Frequency and Implications of Co-occurring Serious Illness in Older Adults (S544)

TitleFrequency and Implications of Co-occurring Serious Illness in Older Adults (S544)
Publication TypeJournal Article
Year of Publication2022
AuthorsNothelle, S, Yee, C, Bollens-Lund, E, Covinsky, K, Kelley, A
JournalJournal of Pain and Symptom Management
ISSN Number0885-3924
KeywordsCaregivers, Dementia, Medicare, serious illness

Outcomes 1. Describe how frequently the three categories of serious illness (dementia, functional impairment, advanced medical conditions) overlap in older adults 2. List two ways health service use or caregiving needs differ by type of serious illness Original Research Background Serious illness is a condition with high risk of mortality that negatively affects function or quality of life or excessively strains caregivers. In older adults, serious illness predominantly comprises three overlapping categories: dementia, functional impairment, and other advanced medical conditions. Research Objectives We estimate the frequency and co-occurrence of three categories of serious illness in older adults and describe differences in health service use and caregiving hours by category. Methods Using 2016 data from the nationally representative Health and Retirement Study, we selected those with 12 months of linked fee-for-service Medicare claims pre- and post-interview. Dementia status was determined by a survey-based algorithm, functional impairment by self-report of help with ≥1 activity of daily living, and advanced medical condition by claims-based ICD10 codes. Results We included 4,503 adults >65 years. Approximately 27% were seriously ill (9% dementia, 13% functional impairment, 16% advanced medical condition). Approximately 70% of persons with dementia (PWDs) and 65% with functional impairment had another category of serious illness, whereas only 31% with an advanced medical condition did. Functional impairment and advanced medical condition in combination increased prevalence of hospitalization compared to either alone (52% combined, 32% functional impairment, 30% advanced medical condition), but combining dementia with another serious illness category did not meaningfully change hospitalization (39% alone, 33% with functional impairment, 39% with advanced medical condition). PWDs and those with functional impairment reported more than twice the caregiving hours per month (113 and 130 hours, respectively) than those with an advanced medical condition (51 hours). Conclusion Older adults with serious illness due to dementia or functional impairment are more likely than those with an advanced medical condition to have another category of serious illness and have higher caregiving needs. Implications for Research, Policy, or Practice Caregiving policies and interventions for older adults with serious illness may need to be tailored by category of serious illness.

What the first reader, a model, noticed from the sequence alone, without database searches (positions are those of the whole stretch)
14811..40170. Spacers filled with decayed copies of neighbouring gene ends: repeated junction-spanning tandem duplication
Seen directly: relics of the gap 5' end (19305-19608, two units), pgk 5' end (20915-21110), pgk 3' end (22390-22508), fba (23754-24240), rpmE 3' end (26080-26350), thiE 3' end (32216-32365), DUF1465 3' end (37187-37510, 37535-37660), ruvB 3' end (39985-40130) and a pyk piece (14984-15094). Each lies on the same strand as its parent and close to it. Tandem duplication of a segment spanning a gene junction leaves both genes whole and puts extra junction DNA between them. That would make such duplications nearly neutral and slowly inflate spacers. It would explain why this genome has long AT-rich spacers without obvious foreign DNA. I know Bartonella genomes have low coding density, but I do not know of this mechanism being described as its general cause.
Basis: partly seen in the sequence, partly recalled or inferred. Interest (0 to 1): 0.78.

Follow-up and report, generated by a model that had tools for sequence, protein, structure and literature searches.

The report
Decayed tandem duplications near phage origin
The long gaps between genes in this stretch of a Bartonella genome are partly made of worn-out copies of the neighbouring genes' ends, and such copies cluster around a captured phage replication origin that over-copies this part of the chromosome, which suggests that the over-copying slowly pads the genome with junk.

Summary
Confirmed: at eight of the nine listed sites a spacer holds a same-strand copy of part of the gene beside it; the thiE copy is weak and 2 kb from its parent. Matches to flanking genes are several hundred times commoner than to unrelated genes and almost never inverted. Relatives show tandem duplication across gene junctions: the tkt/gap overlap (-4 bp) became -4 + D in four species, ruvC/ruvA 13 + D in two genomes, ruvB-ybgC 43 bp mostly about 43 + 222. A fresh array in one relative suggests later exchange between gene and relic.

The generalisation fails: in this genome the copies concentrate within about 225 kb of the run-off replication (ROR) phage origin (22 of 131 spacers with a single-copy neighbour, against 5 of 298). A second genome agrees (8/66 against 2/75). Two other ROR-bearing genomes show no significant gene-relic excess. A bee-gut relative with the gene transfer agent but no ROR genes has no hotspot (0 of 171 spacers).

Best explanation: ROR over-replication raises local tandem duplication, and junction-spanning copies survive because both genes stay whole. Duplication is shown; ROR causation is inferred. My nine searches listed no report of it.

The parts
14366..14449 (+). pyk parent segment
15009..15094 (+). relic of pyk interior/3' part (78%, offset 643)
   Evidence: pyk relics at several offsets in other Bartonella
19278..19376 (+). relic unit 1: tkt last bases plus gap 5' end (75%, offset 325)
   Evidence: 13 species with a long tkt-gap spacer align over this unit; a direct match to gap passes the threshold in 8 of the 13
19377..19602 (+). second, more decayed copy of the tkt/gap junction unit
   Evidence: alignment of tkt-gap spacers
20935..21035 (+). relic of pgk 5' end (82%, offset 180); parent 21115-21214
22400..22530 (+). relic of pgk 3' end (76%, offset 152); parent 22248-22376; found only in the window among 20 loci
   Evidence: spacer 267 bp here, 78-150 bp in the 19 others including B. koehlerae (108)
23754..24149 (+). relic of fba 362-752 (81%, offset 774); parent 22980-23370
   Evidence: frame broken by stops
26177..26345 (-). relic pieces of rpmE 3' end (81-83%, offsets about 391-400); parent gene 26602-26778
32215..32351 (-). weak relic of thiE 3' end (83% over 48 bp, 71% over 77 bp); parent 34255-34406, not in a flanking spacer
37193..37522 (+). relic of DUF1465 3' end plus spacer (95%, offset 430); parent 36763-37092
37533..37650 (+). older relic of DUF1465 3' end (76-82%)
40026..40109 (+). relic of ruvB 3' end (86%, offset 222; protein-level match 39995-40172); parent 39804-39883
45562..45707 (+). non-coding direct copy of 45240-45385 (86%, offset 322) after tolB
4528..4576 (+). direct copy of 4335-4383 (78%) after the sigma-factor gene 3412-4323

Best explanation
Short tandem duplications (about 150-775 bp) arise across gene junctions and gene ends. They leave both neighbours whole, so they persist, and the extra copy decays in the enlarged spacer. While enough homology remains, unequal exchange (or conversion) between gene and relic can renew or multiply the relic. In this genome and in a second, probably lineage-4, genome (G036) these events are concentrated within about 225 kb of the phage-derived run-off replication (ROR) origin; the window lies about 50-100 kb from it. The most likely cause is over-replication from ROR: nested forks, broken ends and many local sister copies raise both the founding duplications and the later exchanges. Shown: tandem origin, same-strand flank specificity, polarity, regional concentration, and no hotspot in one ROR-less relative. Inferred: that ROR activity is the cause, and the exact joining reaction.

Citation KeyNOTHELLE2022930